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AAPG Bulletin, V.
Construction of an intergranular volume compaction curve for evaluating and predicting compaction and porosity loss in rigid-grain sandstone reservoirs
1Oklahoma State University, School of Geology, 105 Noble Research Center, Stillwater, Oklahoma, 74078-3033; email: [email protected]
2(Annuitant, ExxonMobil Upstream Research Company), 200 Brenda Lane, Canyon Lake, Texas, 78133-2011
3ExxonMobil Upstream Research Company, P.O. Box 2189, Houston, Texas, 77252-2189; email: [email protected]
4ExxonMobil Upstream Research Company, P.O. Box 2189, Houston, Texas, 77252-2189; email: [email protected]
Stan Paxton is an assistant professor of geology at Oklahoma State University (OSU). Prior to joining OSU in 1999, he was employed by Exxon Production Research Company where he was actively involved in the development of reservoir-quality technology. He was recipient of AAPG's Best International Poster Award for work presented at the Rio International Conference and Exhibition held in 1998. In 2001, Stan served as an AAPG International Distinguished Lecturer to China and Southeast Asia. At OSU he is working closely with colleagues to promote his petroleum-related research and apply petroleum technology to the exploration and production of ground water in Oklahoma and South Africa.
Janos Szabo worked with Exxon Production Research Company from 1959 (then Jersey Production Research Company based in Tulsa) to 1986. Janos's areas of expertise include sedimentary petrography, heavy mineral analysis, and reservoir diagenesis. Throughout his career with Exxon, Janos was a key driving force behind many of the Exxon sandstone diagenesis research projects, including the first deep sandstone porosity study, initiated in 1967.
Joanna Ajdukiewicz is employed at ExxonMobil's Upstream Research Center in Houston, Texas. Since 1980, she has been involved in developing integrated techniques for reservoir quality assessment and prediction. She was leader of the Reservoir Quality Assessment and Prediction Group from 1991 to 1995. Her current research deals with the causes of preserved porosity and permeability in deeply buried reservoirs.
Robert Klimentidis is a member of the Reservoir Quality Group at ExxonMobil Upstream Research Company in Houston, Texas. Bob works to quantify mineral diagenesis and burial compaction for the purpose of predicting porosity, permeability, and water saturation in different hydrocarbon-bearing stratigraphic intervals. A current project entails the integration of special core and well-log analyses with detailed description of the reservoir pore network.
Numerous individuals at ExxonMobil contributed to the development of concepts and databases reviewed in this article. In particular, Bill Drennen, Glenn Buckley, Bob Pottorf, and Ken Fulton helped promote and facilitate the deep sandstone porosity study during the early 1980s. In addition, we wish to thank past and present ExxonMobil employees who contributed in many ways: S. H. Blassingame, C. S. Calvert, K. M. Campion, A. C. Cochran, W. J. Harrison, D. H. Horowitz, M. J. Klosterman (deceased), R. H. McAllister, G. J. Moir, D. R. Pevear, T. F. Schwarzer, K. O. Stanley, D. L. Shettel, L. L. Summa, M. T. Weaver, R. B. Wheeler, M. D. Wilson, and J. D. Yeakel. The major part of the petrographic database was generated by J. O. Szabo, who also originated the concept of the intergranular volume curve. This material is based in large part on methods developed and work performed from 1982 to 1990 while S. T. Paxton was an employee of ExxonMobil Upstream Research Company, Houston, Texas. Additional gratitude is extended to Andrew Robinson and Andrew Horbury of BP Amoco for soliciting this work for presentation to the Geological Society of London during the early 1990s. Permission to release the data and concepts has been granted by ExxonMobil Upstream Research Company (Houston, Texas), ExxonMobil Exploration Company (Houston, Texas), ESSO Norge A/S (Stavanger, Norway), ExxonMobil International Limited (London), and ESSO Australia. Reviewers David Houseknecht, Shirley Dutton, Dick Larese, and AAPG editor John Lorenz made suggestions that helped to improve the integrity and credibility of this article.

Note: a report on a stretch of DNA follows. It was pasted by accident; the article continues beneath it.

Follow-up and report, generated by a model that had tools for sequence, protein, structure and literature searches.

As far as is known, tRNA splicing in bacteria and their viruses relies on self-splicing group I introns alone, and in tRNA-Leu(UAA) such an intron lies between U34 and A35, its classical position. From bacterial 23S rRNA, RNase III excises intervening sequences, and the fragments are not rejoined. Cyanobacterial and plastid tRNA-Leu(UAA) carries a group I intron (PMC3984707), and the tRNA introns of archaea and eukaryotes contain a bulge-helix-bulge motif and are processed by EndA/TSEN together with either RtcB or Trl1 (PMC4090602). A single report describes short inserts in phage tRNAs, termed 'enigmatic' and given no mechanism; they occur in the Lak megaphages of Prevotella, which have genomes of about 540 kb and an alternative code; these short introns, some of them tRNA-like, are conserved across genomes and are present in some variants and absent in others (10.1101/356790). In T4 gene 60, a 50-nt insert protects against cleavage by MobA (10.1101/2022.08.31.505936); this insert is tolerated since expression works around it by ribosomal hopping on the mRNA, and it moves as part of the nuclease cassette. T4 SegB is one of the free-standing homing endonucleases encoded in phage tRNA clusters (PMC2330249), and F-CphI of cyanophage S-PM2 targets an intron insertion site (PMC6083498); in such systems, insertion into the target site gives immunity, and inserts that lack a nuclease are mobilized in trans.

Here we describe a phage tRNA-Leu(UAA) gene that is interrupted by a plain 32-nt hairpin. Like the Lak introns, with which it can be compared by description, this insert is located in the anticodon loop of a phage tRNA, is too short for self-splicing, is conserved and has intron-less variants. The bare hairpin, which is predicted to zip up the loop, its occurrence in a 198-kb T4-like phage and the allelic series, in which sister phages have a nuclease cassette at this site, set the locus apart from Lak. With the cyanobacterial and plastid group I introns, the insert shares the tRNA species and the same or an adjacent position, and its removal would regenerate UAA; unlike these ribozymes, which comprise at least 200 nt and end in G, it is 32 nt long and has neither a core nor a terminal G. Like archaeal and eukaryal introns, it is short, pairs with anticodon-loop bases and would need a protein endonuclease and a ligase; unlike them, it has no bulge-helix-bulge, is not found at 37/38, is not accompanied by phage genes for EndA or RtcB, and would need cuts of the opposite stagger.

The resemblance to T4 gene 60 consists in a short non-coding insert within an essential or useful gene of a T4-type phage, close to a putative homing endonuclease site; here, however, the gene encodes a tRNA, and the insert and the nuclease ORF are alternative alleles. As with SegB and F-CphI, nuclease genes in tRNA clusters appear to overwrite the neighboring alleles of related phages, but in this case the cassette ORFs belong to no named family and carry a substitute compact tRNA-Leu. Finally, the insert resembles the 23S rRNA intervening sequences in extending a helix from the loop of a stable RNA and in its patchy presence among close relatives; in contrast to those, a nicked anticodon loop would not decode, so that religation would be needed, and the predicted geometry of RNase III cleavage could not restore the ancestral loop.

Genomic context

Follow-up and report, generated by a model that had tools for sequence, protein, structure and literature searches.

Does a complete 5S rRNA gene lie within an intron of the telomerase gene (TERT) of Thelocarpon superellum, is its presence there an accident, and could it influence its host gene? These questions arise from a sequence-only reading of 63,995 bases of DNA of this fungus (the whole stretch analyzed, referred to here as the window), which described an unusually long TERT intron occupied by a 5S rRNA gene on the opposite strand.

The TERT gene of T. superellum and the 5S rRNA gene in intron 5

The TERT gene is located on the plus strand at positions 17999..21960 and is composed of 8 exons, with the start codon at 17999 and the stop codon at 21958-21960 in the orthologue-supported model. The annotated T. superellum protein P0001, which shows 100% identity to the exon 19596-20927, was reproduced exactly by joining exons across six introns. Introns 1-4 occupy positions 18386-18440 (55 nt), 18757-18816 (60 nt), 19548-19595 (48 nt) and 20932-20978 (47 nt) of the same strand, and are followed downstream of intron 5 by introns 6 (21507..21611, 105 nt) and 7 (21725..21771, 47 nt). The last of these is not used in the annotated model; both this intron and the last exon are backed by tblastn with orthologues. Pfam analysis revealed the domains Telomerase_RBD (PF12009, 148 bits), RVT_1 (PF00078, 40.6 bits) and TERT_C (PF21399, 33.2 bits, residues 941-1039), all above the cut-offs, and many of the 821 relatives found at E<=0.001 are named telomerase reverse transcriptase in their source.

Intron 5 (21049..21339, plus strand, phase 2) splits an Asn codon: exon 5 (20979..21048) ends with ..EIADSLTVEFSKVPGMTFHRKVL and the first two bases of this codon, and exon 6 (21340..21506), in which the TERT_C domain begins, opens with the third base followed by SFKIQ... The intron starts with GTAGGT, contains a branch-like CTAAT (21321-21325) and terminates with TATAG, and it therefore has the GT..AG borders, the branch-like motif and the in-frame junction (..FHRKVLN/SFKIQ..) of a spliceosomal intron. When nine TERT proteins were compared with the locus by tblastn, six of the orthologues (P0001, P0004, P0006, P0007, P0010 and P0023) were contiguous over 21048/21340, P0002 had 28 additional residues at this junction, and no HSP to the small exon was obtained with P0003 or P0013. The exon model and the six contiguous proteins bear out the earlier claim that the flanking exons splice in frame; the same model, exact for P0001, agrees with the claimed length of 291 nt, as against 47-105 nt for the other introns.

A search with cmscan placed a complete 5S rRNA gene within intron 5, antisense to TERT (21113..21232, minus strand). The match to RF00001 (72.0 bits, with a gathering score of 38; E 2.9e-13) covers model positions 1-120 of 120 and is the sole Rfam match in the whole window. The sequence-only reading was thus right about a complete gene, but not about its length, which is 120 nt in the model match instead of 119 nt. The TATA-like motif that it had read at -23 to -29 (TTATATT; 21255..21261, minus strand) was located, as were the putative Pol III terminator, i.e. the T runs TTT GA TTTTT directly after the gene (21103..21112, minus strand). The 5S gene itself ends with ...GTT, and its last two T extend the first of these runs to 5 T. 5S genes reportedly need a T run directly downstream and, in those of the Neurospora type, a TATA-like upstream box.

To evaluate compaction as a factor in porosity evolution, a plot of intergranular volume vs. depth was constructed using data from relatively uncemented reservoir sandstones from a variety of depths, ages, and geographic locations. The resulting intergranular-volume-decline curve reveals that sands compact mechanically and intergranular volume declines rapidly, from about 40 to 42% at the surface, to about 28% at 1500 m. Between about 1500 and 2500 m, intergranular volume continues to decline slowly, until the framework stabilizes at around 26% (maximum potential porosity in the absence of cement or matrix). No further significant decrease in intergranular volume is observed to the depth limits of the data set at 6700 m. Comparison of intergranular volume and volume of quartz cement for different formations reveals no obvious balance between intergranular pressure solution (as monitored by intergranular volume) and quartz cementation. This indicates that grain-to-grain pressure solution and quartz cement precipitation do not proceed concomitantly on the thin-section scale. Moreover, grain compaction is limited (to about 26% intergranular volume) in rigid-grain sandstones, which suggests that the occurrence and distribution of deep porosity is a function of the volume of cement available to fill the intergranular pores. Therefore, deep, porous sandstones are relatively uncemented rather than undercompacted.
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